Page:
The film also sets the scene for what is to come – each story deals, to an extent, with reinvention, the abandonment of the past and creation of a new identity, aspects of voyeurism and spying, and the pain of love, where those we care for turn out to be cruel, traitorous or exploitative. The film also points out the importance of the score – Patrice’s Euro Unity theme (an idea that would’ve been scoffed at by isolationist Brits then, as now) is authentically pompous, but also plays in more subtle moments throughout, coming back to drag Julie back to her past through memory. The music scores for all three films, composed by Zbigniew Preisner, are emotive, grand, sweeping and moody – they play a major part in dictating our emotional responses to each story.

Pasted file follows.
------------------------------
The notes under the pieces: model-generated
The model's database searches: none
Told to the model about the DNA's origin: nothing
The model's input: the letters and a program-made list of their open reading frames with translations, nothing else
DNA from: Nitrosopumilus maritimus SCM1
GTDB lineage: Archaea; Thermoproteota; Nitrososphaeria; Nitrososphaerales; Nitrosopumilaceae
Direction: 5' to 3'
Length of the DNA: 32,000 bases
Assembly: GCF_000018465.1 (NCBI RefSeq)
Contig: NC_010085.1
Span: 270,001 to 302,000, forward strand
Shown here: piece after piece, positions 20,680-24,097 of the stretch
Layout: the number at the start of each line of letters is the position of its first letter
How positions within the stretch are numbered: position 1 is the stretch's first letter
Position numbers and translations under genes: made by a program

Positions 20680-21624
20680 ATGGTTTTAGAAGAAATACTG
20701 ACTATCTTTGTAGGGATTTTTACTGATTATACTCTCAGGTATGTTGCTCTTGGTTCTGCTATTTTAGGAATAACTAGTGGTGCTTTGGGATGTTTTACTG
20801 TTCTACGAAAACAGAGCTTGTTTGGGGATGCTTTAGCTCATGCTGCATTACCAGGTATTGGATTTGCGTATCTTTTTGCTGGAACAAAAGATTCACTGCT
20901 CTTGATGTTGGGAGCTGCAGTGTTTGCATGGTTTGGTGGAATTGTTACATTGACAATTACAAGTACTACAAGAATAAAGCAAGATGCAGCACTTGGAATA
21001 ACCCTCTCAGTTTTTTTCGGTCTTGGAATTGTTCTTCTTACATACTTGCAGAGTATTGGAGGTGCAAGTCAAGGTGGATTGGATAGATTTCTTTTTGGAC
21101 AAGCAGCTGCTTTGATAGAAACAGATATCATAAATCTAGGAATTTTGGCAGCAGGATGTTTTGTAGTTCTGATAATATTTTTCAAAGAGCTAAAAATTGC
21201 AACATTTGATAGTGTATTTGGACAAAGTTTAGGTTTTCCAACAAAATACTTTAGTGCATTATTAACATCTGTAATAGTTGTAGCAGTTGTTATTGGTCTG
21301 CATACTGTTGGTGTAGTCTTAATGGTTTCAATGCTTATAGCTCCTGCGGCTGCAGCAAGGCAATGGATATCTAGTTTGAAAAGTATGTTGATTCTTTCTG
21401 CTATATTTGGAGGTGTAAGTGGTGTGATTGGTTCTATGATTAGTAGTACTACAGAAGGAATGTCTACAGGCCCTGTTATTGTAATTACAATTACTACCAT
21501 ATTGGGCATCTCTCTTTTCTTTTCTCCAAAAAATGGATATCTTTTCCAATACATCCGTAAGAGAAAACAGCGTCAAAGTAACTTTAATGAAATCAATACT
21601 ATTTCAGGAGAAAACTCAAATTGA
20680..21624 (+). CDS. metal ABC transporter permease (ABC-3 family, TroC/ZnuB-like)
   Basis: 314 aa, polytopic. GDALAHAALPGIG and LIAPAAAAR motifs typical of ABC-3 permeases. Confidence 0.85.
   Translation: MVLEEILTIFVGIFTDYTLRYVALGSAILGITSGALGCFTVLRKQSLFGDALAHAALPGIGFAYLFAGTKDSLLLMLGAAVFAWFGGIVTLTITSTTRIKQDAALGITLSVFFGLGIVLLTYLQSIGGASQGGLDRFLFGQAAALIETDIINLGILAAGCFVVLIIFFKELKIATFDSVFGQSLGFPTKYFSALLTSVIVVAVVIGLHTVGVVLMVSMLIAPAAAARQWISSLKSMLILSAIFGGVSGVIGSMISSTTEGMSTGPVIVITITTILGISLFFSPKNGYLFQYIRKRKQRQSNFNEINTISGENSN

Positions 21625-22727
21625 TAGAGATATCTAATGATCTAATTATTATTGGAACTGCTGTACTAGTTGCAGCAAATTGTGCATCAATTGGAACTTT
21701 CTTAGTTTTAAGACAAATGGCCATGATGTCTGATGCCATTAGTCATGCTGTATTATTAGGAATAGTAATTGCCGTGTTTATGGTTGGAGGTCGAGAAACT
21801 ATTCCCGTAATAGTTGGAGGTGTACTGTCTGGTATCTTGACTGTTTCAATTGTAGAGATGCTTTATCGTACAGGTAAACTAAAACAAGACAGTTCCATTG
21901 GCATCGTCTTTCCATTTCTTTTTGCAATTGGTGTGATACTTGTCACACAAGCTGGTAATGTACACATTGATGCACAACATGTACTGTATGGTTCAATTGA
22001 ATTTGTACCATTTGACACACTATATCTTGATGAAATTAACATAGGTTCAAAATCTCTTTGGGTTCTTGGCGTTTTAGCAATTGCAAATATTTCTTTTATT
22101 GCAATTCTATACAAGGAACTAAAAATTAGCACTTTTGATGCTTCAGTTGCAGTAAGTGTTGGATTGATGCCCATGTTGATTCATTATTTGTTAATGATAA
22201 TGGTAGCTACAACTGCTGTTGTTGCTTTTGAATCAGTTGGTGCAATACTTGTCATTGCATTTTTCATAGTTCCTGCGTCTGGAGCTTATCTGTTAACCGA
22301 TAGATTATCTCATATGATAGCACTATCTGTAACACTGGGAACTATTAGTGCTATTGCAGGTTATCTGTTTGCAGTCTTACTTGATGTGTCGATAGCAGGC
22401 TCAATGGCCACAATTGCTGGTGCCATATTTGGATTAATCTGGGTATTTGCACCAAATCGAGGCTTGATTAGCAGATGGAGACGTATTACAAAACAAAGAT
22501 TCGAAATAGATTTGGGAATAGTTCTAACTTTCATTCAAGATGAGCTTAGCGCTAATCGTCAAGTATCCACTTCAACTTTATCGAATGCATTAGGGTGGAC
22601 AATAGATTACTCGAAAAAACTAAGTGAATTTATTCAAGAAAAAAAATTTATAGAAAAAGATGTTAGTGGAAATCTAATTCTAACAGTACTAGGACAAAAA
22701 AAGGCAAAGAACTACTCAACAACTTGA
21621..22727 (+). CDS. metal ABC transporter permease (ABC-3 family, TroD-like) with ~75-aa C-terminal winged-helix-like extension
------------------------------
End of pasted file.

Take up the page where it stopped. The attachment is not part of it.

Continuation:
Three Colours: White is, by a small degree, the weakest of the trilogy and also (perhaps coincidentally, perhaps not) the only one with a male protagonist. It’s also the only comedic story, albeit in a rather dark and cynical manner. Karol (Zbigniew Zamachowski) is a Polish hairdresser living in Paris, bring divorced by his rather shrewish wife Dominique (Julie Delphy). He looks oddly like Sam Raimi but is essentially the sort of downtrodden Pole in Paris played by Roman Polanski in The Tenant. Finding himself with a suitcase of possessions, no money (his bank account has been frozen), no home and no passport, he is befriended by a fellow Pole who agrees to help him go home via the old ‘hiding in a suitcase’ routine. This amazingly works, and before long – through luck and cunning – Karol is making a fortune on the black market and through shifty property deals. Enough for him to start his own business, play the slick and shady businessman and fake his own death in order to lure Dominique to Poland, where he can take his revenge on her.